This is what we usually call that testing that a programmer does as they are writing code. Its not a "real" test in that its not a full functional test it does though help the programmer confirm their logic and is an important part of programming.
Doing this in a multi-platform project is tricky ...
- 2.In a multi-platform project on a single build target such as Steam vs Epic vs Itch, etc. the programmer will want to test with platform specific bits in and again out for each supported platform. Again in editor this will cause the issues noted in the Platform section.
This is an ideal solution but only works if you have strong software engineering rigor and solid ALM and DevOps tooling. Beyond that this method really only offers a net gain in cost when you have a large enough engineering team to really exploit its benefits.
This is a Application Lifecycle Management (ALM) concept specifically a Development Operations (DevOps) concept. This is a more advanced topic that requires a degree of software engineering rigor not common in most game development teams indie or otherwise. What we mean by "Parallel Development" is that we have multiple parallel branches or "versions" of some code base being developed in parallel that is at the same time.
This works well for multi-platform in that each platform can be a branch of a common code base. This in turn means that common changes performed in the parent branch can be integrated easily into the platform branches. Depending on your DevOps tooling you may also be able to reverse integrate common changes from platform branches up to your common code base for later integration into all platforms.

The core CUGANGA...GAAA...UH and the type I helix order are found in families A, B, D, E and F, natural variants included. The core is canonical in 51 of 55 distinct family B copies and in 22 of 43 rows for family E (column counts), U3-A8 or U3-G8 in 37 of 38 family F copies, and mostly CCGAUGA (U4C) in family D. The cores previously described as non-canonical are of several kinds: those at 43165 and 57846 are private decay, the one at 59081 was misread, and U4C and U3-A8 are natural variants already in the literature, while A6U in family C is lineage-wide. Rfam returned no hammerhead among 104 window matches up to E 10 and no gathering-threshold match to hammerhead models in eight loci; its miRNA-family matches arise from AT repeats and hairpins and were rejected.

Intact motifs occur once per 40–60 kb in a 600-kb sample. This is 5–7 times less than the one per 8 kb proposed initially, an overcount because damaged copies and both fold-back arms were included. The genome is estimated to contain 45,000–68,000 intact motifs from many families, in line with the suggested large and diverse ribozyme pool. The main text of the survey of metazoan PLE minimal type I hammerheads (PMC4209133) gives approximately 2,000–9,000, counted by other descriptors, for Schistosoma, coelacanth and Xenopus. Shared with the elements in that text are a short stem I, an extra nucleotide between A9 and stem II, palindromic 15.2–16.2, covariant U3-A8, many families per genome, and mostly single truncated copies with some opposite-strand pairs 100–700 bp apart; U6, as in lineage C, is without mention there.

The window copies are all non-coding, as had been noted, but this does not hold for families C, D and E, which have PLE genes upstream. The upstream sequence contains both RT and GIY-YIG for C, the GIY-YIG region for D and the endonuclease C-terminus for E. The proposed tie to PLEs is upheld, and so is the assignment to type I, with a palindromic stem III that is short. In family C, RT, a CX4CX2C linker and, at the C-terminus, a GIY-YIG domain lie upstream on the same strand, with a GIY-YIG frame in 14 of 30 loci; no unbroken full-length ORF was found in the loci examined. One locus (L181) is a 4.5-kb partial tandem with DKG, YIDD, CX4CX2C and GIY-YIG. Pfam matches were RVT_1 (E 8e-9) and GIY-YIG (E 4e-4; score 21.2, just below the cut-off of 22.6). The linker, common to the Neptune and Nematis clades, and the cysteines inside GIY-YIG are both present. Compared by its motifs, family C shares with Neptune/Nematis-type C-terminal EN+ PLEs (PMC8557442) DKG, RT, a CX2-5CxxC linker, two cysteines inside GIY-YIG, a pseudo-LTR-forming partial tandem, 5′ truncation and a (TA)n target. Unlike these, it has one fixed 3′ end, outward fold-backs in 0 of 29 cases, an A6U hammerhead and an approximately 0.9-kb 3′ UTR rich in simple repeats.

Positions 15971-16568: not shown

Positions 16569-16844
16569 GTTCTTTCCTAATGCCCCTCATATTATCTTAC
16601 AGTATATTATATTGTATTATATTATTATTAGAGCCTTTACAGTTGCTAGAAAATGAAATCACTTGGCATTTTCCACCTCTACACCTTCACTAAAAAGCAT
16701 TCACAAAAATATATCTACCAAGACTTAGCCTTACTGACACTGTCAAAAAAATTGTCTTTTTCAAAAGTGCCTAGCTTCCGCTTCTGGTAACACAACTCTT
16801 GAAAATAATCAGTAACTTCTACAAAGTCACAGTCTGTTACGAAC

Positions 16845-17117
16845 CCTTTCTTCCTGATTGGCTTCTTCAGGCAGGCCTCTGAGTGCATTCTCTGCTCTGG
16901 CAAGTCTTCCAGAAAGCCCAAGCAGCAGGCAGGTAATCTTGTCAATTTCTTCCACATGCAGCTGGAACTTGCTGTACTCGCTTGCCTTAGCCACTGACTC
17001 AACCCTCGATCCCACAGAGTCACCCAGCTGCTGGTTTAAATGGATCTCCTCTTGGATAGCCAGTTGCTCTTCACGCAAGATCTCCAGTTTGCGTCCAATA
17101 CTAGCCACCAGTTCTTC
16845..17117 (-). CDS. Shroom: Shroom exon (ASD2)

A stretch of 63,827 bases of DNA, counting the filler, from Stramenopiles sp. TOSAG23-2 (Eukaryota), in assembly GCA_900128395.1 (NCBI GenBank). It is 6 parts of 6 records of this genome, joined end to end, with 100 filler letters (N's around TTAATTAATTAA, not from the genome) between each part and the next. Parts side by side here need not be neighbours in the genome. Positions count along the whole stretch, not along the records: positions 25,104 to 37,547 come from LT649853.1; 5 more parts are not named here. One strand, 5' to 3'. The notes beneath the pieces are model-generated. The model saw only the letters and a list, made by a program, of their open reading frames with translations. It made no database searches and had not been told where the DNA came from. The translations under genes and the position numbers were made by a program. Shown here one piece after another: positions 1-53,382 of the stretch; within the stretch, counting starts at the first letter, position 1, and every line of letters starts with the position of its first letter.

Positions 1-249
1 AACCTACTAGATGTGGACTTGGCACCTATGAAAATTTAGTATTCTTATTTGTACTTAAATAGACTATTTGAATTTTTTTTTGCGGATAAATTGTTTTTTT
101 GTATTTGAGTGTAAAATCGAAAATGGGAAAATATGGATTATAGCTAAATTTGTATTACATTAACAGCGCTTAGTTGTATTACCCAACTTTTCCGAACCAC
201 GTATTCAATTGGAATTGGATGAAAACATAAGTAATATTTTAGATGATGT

This is the simplest option and works well for simple projects ... that is projects that have very little platform specific code or configuration. This is really only of value in projects that are small or have a common platform as well since you cannot perform unit testing in editor for each platform.
For this you will need to keep your Editor always set to your more common build target typically for mid to high end game projects including mobile builds that will be:
- Mac (client or server)
- Linux (client or server)
- Windows 32 or 64 (client or server)
For projects that have a browser build use
- Web GL
This is to insure that the Unity Editor does not strip out any of the code that you need to work with and does not break references to any of the objects you need to work with.
In order to test other platforms you will need to use a build service to build your game for each specific platform where that "build target" will be configured to enable and disable various blocks of code at compile time via the use of Script Defines or similar.